It is thought today that the seals, sculptures and frescoes depicting bull-leaping do not show exactly how it was done. Many show the acrobat grabbing the bull by the horns and then bull then flings its head back, flipping the person over its back. It seems nearly impossible for a person to grab a charging bull by the horns, flip over its back and land on his feet [minoan religion]. The artists of these objects morely likely took artistic liberty in depicting these very acrobatic feats. They mostly likely wanted to show how humans could dominate over such a powerful animal and outwit it [see Marinates, 1993, 218-219].
Minoan society was the first high European civilization.The Minoans had very good trade connections with the other people of the Mediterranean, like the Phonecians and the Hittites,and further east. Bronze Age pottery has been found in Egypt and Egyptian objects have also been found on Crete. Since the island of Crete did not have a lot of resources the Minoans had to be good traders and needed to be able to use the Aegean Sea to help them. There are not a lot of metal ores found on the island so metalworking most likely came from the east.The Minoans were a big force in the Aegean. Their cultural influence was found on surrounding islands and on the mainland of Greece. The Minoan civilization that created this bronze figure was conquered around 1450 BCE by people from mainland Greece. Everything was destroyed except the palace at Knossos, which the invaders made their capital.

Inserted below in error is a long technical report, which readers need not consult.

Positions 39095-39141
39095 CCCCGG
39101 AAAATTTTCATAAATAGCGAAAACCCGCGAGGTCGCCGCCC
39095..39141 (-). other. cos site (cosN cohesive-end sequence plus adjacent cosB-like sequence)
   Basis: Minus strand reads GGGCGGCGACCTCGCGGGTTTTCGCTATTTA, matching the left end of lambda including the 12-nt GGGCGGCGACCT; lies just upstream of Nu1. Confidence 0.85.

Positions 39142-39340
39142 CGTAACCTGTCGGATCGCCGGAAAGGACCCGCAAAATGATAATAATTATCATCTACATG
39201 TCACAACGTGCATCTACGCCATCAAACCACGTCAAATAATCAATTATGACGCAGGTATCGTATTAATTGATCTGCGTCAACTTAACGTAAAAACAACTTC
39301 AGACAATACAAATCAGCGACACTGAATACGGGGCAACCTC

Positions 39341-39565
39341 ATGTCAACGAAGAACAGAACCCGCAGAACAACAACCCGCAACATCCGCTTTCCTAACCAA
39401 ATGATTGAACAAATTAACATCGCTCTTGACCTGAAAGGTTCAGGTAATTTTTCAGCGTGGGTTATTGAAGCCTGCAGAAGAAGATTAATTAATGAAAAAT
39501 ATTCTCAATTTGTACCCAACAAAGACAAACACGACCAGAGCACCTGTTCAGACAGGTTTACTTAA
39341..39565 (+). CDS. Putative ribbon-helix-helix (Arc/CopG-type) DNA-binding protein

It is highly likely that this figure did have some sort of religious purpose. There a lot of societies that use animals as symbols in religion. Also, many people have to make offering to appease their god(s) or goddess(es). There were a couple Creten goddesses that were transmitted to the mainland of Greece.
Evans, Arthur. "On a Minoan bronze group of a galloping bull and acrobatic figure from Crete." Journal of Hellenic studies 41, (1921): 247-259.
Marinatos, Nanno. Minoan Religion. Columbia: University of South Carolina Press, 1993.
Younger, John G. "Bronze Age Representations of Aegean Bull-Leaping," American Journal of Archaeology 80.2 (1976): 125-137 accessed April 19, 2011 http://kuscholarworks.ku.edu/dspace/handle/1808/5291
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Merriam-webster, “Votive” http://www.merriam-webster.com/dictionary/votive